23 Sep 2007
This last week I have been mostly watching rugby.
One week down, three long weeks to go.
Last Thursday my son and I pinned up the Times World Cup Wall Chart in the same, prominent place that Mrs Botogol has accorded all world cup wall-charts since 1995 - the inside of the coat cupboard door - and on the Friday evening we solemnly inked in the humiliation of France. Then we lost interest in the chart, and since then haven't entered a single result. Something to do with watching England I think. And tripping.
When I haven't been watching Rugby on the television, I have been watching it in the flesh, and when I haven't been watching it in the flesh, I've been coaching it, and when I haven't been coaching it I've been refereeing it, and when I haven't been refereeing it I have been talking about it at dinner parties. (A thought: is there too much rugby in my life? Can there be too much rugby in anyone's life?).
When I sit and think about it, I don't know why I even watch the pool stages of the World Cup: an endless procession of well meaning, brave but ultimately hapless minnows bullied and overcome by a ruthless, foreign superior force with whom they simply can't compete. I mean: if I want to see that, I can see it at work.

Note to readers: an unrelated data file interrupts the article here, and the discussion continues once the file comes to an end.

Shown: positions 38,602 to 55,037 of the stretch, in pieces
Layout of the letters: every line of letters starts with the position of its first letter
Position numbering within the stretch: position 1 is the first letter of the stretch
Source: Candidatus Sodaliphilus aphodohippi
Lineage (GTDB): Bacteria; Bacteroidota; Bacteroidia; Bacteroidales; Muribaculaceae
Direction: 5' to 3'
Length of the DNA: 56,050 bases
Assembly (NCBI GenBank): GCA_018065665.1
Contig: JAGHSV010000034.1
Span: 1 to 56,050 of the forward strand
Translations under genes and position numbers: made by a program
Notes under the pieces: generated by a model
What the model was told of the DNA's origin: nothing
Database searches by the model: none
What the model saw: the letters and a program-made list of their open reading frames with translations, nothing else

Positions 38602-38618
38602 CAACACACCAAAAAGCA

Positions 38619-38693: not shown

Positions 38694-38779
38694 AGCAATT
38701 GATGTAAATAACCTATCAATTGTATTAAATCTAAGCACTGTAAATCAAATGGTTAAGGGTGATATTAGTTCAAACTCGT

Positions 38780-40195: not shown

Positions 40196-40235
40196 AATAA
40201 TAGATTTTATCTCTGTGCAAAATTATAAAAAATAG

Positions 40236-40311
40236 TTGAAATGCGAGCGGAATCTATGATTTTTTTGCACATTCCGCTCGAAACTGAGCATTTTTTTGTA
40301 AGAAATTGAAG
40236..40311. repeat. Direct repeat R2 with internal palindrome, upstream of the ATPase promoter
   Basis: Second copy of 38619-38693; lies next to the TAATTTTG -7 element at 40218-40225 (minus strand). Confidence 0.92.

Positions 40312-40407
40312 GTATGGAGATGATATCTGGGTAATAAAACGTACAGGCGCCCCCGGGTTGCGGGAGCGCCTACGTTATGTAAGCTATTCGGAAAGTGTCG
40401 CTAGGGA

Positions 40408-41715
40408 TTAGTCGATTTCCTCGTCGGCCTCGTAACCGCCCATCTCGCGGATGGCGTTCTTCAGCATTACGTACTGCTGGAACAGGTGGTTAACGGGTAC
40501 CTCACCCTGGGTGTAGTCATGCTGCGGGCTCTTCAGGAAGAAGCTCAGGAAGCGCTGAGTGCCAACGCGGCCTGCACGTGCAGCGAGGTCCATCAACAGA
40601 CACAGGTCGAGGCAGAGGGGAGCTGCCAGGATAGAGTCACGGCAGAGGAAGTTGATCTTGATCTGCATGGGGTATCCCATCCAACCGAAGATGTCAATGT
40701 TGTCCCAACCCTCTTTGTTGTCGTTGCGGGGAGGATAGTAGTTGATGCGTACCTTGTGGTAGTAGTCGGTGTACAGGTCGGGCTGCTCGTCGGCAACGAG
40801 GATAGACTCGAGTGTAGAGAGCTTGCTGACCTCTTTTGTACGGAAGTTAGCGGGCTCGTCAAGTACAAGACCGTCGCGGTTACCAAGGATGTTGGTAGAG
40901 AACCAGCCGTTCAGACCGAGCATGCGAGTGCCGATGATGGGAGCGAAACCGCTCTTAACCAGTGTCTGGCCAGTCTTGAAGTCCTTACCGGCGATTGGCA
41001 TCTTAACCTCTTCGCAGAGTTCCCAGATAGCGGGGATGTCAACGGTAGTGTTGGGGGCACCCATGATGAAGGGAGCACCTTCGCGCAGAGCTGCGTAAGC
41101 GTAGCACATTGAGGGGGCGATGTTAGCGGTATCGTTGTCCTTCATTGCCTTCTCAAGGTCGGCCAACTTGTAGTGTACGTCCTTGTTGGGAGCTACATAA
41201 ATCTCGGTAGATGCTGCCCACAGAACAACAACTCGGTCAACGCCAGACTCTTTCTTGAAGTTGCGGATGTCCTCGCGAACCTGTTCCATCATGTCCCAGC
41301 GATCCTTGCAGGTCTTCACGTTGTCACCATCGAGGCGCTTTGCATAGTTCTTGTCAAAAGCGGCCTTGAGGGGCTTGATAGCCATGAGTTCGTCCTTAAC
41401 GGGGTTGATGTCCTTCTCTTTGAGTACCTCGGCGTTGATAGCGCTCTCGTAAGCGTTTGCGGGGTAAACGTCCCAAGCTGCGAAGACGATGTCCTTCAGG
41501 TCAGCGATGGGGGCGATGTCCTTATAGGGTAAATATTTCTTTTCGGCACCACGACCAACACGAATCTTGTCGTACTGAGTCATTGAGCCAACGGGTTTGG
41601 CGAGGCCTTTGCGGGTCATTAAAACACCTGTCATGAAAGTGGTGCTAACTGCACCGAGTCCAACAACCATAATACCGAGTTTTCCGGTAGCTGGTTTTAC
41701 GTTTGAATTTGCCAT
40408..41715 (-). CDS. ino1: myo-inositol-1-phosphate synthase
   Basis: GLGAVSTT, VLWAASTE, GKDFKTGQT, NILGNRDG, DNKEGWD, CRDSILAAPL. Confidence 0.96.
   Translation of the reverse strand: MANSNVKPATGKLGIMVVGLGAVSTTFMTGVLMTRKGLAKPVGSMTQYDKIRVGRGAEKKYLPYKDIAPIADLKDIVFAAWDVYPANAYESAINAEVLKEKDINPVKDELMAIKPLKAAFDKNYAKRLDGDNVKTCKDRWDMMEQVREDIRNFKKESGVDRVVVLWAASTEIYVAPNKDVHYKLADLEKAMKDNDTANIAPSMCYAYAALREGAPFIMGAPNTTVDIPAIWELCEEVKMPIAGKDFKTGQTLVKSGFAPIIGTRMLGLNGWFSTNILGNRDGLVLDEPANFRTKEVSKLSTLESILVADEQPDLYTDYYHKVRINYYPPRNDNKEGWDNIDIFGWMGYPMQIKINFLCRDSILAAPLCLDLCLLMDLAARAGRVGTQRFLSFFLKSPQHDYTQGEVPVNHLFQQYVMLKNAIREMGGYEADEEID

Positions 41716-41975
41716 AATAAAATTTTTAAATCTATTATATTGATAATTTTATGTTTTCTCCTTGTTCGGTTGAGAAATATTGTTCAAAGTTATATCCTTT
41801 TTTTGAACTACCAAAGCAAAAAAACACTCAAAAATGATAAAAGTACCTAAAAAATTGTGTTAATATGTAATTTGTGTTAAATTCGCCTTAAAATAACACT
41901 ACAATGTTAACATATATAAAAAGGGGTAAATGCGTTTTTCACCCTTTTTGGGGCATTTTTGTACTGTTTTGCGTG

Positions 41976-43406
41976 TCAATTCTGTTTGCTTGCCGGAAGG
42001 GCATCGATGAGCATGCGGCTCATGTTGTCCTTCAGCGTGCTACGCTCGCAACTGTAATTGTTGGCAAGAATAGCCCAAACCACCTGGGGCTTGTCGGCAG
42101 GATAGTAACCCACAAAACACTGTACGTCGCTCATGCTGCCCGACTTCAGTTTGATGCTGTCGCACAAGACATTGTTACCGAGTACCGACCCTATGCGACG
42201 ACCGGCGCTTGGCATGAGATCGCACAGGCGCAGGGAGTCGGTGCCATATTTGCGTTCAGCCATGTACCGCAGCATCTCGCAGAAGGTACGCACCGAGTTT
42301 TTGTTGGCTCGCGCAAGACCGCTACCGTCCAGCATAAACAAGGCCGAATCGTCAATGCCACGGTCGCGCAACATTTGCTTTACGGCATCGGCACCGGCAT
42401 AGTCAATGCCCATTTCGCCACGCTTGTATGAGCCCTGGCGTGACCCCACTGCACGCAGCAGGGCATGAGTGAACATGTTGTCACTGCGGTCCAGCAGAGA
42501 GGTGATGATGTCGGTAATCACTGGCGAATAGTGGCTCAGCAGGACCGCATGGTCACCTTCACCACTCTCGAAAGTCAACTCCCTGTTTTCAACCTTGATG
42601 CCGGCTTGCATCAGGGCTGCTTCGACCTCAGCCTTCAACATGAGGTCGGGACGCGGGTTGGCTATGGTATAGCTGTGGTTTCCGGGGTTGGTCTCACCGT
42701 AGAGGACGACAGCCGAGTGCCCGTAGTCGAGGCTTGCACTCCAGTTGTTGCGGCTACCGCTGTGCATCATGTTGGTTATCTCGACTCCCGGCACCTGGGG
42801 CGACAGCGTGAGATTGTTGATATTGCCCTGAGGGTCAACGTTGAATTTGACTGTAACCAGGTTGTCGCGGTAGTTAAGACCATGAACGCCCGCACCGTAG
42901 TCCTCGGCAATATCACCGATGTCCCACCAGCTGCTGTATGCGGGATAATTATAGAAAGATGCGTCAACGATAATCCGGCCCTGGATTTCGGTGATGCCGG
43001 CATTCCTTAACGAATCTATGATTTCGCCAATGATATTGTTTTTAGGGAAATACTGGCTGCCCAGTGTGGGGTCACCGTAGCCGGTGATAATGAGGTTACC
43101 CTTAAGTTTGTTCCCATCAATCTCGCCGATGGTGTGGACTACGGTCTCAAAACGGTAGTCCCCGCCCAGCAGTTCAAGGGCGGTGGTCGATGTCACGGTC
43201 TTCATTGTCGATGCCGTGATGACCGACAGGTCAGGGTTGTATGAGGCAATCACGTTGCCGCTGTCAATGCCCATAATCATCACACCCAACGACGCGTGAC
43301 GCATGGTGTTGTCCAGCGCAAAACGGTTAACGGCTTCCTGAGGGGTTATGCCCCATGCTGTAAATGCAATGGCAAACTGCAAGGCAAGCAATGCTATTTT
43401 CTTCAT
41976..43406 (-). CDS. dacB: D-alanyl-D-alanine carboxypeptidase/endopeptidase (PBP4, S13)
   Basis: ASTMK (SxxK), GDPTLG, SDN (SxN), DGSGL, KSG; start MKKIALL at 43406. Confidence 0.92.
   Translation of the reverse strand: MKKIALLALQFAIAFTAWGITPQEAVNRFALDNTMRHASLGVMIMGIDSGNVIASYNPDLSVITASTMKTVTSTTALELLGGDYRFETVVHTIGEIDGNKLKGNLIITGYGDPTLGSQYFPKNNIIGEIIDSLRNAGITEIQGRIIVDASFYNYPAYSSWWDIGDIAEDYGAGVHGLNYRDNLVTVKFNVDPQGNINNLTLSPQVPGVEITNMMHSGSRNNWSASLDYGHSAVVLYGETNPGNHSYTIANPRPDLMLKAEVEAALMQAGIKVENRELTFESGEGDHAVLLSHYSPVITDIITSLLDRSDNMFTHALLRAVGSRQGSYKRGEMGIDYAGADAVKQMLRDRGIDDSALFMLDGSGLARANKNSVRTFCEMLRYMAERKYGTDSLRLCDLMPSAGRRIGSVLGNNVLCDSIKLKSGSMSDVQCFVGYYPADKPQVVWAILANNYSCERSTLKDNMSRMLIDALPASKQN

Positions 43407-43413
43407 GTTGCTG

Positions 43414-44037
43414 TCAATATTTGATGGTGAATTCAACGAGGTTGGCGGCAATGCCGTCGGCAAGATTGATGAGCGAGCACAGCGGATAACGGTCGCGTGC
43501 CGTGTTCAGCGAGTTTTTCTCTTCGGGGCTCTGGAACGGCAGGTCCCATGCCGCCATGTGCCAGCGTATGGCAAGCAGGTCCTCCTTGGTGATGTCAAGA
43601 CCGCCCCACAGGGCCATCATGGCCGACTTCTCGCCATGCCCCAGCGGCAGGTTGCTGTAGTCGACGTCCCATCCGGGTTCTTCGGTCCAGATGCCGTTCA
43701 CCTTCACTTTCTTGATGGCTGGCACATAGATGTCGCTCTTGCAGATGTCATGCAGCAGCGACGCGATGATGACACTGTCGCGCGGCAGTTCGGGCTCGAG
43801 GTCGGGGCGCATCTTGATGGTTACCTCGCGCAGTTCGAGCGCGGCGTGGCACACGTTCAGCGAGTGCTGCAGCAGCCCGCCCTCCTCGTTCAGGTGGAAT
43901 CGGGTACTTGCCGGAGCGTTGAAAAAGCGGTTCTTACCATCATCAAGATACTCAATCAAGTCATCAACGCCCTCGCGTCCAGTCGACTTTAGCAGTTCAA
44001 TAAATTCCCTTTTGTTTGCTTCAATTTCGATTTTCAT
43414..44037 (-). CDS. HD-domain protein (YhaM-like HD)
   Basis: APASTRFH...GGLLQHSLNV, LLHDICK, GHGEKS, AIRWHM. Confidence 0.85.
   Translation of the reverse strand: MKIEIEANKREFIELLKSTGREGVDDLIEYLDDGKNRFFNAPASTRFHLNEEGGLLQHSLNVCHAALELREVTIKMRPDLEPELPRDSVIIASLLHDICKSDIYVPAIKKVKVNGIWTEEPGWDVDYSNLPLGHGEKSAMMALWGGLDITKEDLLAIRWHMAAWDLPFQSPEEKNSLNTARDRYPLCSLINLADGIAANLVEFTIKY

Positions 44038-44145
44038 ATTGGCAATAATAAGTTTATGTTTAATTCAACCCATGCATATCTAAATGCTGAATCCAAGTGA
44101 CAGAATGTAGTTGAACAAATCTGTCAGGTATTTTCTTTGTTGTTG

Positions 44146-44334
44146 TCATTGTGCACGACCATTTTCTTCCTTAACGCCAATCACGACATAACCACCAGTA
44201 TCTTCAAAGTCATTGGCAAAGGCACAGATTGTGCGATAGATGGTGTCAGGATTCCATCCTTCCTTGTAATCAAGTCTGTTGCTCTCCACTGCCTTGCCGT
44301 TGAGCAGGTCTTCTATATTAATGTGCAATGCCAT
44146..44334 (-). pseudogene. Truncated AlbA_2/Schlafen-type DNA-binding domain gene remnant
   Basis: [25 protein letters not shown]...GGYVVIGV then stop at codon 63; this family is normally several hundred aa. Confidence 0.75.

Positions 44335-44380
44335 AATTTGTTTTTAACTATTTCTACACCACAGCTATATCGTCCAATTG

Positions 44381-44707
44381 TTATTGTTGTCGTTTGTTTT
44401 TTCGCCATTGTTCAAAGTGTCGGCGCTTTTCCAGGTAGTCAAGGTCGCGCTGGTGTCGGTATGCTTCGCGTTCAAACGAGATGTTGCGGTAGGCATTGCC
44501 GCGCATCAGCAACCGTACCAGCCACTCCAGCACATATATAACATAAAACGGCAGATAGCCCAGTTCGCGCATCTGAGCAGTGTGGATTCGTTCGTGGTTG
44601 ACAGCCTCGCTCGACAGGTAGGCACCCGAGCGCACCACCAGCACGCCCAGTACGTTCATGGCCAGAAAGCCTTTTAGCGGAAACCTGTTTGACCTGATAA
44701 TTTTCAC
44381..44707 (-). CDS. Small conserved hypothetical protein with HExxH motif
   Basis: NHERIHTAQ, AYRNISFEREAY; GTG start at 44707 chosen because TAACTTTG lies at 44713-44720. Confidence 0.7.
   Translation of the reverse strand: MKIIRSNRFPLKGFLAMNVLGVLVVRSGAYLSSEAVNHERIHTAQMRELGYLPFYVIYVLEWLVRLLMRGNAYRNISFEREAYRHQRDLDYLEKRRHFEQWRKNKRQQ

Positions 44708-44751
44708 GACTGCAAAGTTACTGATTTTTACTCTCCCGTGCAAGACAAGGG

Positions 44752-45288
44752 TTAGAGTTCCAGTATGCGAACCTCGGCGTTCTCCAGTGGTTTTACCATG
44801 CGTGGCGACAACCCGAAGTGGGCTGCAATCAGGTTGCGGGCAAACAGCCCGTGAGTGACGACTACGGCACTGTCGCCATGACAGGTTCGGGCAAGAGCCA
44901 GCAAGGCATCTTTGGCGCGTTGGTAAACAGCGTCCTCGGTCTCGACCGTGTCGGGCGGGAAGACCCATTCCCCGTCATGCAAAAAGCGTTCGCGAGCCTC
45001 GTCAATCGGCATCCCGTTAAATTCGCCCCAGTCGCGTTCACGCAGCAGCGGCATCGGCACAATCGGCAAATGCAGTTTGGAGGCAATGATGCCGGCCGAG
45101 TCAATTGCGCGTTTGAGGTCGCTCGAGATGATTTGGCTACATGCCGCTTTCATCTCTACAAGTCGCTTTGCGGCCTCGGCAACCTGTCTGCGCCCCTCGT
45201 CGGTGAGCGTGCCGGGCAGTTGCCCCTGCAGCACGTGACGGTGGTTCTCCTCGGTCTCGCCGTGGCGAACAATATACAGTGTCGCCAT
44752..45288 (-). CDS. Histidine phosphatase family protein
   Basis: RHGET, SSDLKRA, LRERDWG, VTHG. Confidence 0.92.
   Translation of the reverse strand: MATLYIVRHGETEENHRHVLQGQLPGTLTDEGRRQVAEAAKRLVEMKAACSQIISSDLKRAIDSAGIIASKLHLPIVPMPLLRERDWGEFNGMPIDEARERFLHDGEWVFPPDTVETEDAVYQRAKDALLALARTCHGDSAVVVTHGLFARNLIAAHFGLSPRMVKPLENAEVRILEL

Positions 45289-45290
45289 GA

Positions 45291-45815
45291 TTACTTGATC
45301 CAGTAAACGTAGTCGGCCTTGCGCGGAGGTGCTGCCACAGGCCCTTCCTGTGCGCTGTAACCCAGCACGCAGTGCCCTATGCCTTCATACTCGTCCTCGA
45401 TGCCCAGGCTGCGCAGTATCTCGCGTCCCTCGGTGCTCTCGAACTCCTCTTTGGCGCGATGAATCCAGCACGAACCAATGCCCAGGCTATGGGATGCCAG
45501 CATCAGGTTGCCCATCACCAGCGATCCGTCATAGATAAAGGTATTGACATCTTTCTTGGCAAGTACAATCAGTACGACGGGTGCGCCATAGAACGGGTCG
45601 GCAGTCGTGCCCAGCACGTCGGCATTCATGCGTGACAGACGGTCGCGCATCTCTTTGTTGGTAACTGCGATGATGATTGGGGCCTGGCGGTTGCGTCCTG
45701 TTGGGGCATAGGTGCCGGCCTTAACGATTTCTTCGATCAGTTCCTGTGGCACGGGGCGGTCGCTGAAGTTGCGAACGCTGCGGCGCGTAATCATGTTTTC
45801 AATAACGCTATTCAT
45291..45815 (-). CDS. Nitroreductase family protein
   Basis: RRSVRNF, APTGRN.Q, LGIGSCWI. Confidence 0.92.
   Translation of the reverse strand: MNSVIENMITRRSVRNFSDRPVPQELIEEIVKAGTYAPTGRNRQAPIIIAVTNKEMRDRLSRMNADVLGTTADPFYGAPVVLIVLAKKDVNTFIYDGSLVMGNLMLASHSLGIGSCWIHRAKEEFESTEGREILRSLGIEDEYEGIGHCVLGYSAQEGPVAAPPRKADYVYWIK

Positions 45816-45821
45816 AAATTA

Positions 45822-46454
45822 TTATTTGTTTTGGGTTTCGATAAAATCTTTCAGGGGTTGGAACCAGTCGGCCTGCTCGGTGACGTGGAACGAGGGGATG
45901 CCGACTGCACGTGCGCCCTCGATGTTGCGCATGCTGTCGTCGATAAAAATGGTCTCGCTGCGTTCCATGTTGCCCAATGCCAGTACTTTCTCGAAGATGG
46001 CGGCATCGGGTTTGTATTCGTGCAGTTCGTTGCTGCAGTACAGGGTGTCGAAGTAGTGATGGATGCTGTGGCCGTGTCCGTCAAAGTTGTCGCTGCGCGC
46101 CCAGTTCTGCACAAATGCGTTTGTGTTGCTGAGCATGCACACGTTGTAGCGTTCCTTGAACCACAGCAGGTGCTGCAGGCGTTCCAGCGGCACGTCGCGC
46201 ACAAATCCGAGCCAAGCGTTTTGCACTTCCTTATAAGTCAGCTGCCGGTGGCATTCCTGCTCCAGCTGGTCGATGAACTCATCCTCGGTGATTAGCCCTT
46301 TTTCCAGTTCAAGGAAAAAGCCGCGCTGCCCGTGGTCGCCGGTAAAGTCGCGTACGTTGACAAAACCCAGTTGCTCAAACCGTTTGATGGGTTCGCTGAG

At work, my boss's boss has a new boss. Not that anyone has left: No, the new boss (my great-grand-boss you might say) is an extra layer of management inserted between my boss's boss and his boss. The uber-boss. We call him the uber-boss - the other middle managers and I - because he's as far up the chain as we can imagine. We are told on the intranet that the uber-boss himself has a boss, but emotionally it's hard to conceive what such a person would be like - a person of whom it is said that he reports to the ur-boss himself, the CEO, the one who appears on the webcasts.
When I say that no one has left, I should say: no one has left yet, for last week the minnows actually got to meet the Kwisatch Haderach [my great-grand-boss. Yes the new one...keep up] and, well, let's just say I reckon we are in only the pool stages of the RWC of our next grand re-organisation, that the charts are not dry on next week's powerpoint and at high levels some yellow card offences have been noted: Lack of directio, Disorganisation,Tripping. That sort of thing.
Why is tripping so bad in the list of Rugby sins anyway? For there is no two ways about it: in the hierarchy of grievousness tripping occupies a top spot: worse than punching, trampling, stamping, testicle squeezing and eye gouging, not as bad as biting, spear tackling or failing to get your round in.
Goodness, I once saw an eight year old sent off for tripping.
Although, oddly enough, it was his father he tripped; who was also the coach; and the referee. Fortunately you normally get tripped only if you are carrying the ball.